Review Price free/subscription
HP MediaVault mv2020
The market for NAS appliances has soared in the last couple of years with more and more people using them as a means of distributing multimedia content throughout their homes and small businesses using them as an alternative to a full blown file server. However, there has tended to be a large divide between the most basic versions that lack any form of redundancy, or which use proprietary software to interface with the unit, and the much more expensive versions that act as truly independent file servers with redundancy and extras such as print servers. Well, today I’m looking at a unit that tries to bridge that gap, the HP Media Vault.
The HP Media Vault comes in two varieties, the mv2010 and mv2020, with capacities of 300GB and 500GB and RRPs of £249 and £349 respectively. Both versions feature the same comprehensive list of features that includes space for an additional SATA hard drive, print server support, Gigabit Ethernet connectivity, SMB/FTP/http access, and RAID-1 and JBOD.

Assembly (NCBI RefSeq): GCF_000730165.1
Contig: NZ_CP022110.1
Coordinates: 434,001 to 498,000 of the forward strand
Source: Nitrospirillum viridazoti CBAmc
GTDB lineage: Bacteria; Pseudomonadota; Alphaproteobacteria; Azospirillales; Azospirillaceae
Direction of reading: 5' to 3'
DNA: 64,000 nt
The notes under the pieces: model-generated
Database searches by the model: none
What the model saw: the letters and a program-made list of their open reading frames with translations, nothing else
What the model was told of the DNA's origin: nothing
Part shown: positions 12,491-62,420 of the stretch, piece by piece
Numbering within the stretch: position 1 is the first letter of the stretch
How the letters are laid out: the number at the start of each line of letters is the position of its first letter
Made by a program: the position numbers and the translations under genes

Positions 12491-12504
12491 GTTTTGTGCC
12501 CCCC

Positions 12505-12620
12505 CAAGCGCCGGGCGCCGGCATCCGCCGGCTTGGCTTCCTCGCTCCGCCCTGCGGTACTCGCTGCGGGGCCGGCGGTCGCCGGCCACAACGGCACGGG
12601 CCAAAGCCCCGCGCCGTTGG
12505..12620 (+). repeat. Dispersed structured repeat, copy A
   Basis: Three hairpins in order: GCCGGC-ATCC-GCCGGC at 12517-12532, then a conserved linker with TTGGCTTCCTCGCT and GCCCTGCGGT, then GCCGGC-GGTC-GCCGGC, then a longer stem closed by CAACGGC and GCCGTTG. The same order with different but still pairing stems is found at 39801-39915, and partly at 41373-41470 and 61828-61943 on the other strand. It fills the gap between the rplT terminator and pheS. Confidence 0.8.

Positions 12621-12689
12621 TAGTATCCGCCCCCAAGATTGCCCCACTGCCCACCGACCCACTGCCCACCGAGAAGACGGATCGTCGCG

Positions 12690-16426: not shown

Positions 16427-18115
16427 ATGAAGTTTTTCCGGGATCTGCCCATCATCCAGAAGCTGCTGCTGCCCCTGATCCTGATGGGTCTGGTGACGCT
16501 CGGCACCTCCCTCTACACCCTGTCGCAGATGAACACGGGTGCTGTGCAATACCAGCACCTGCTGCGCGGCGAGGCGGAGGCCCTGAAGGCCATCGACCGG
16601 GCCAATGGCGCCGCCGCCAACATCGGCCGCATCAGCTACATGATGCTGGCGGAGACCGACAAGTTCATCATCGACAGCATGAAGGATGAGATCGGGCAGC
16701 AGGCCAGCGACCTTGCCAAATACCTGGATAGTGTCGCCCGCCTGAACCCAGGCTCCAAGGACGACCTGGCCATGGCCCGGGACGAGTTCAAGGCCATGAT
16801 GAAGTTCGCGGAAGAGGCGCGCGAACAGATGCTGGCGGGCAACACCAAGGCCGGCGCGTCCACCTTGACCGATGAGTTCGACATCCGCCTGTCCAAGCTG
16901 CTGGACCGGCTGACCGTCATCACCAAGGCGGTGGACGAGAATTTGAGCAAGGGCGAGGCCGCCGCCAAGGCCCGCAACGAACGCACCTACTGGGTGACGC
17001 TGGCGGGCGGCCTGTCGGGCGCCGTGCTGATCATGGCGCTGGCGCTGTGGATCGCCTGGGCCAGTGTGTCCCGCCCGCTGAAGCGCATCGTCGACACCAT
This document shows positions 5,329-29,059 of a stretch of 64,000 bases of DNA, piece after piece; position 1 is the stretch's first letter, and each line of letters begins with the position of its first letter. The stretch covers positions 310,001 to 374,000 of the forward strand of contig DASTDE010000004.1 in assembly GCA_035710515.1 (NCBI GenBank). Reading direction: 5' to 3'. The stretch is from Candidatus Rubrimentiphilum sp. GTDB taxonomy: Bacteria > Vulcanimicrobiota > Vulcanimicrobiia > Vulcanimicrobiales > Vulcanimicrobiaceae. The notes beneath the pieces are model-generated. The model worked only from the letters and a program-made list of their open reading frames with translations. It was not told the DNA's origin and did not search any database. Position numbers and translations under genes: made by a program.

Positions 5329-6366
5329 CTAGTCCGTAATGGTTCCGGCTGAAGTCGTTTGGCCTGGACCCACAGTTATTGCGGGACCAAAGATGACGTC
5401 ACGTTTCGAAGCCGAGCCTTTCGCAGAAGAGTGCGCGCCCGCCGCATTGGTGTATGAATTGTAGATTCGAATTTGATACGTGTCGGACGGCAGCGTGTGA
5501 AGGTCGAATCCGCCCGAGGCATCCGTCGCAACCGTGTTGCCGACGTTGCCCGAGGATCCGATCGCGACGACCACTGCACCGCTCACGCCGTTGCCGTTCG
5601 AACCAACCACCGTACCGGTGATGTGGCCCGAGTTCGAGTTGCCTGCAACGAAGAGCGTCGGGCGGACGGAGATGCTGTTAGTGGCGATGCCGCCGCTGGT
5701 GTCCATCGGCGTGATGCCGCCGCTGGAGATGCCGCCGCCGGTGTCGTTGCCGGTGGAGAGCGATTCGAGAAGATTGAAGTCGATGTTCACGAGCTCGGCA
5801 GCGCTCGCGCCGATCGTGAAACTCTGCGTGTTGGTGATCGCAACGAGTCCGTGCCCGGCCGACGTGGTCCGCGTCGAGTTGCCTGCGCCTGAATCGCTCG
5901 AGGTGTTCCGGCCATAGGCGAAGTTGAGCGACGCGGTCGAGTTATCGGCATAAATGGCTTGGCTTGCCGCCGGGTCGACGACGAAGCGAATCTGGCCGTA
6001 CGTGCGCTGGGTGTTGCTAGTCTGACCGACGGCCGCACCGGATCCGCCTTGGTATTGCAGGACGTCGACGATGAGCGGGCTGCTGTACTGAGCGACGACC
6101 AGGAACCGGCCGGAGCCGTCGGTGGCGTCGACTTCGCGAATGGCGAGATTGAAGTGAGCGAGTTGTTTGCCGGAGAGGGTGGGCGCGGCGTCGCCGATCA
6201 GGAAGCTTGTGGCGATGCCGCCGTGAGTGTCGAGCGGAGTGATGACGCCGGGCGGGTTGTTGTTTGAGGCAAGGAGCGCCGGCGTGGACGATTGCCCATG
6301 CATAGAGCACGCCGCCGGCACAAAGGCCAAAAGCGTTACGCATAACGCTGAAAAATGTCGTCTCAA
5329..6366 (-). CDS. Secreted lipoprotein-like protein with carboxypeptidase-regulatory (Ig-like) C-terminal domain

Physically, the Media Vault is larger than most NAS appliances of similar capacities and bares more resemblance to a slim line desktop case than an external hard drive. This does seem to make sense as it squeezes in space for a second disc and an expansion card, an integrated power supply, and the motherboard and CPU that controls it all. However, opening her up revealed a less than optimal use of space and where the expansion card slot should be there was just the solder blobs on the PCB, so it’s actually just wasted space.
Styling also left a lot to be desired with a pretty thin coat of generic silvery grey paint covering the steel case and a flimsy plastic panel adorning the front. Of course, none of this really matters as you are likely to hide the box away under the stairs or behind a desk.
The front panel has a door to access the additional drive bay, a USB 2.0 port, power button, and a row of status LEDs. Round the back you’ll find a power socket, Gigabit Ethernet port, two USB 2.0 ports, a reset button, and a blanking plate for the aforementioned phantom expansion card.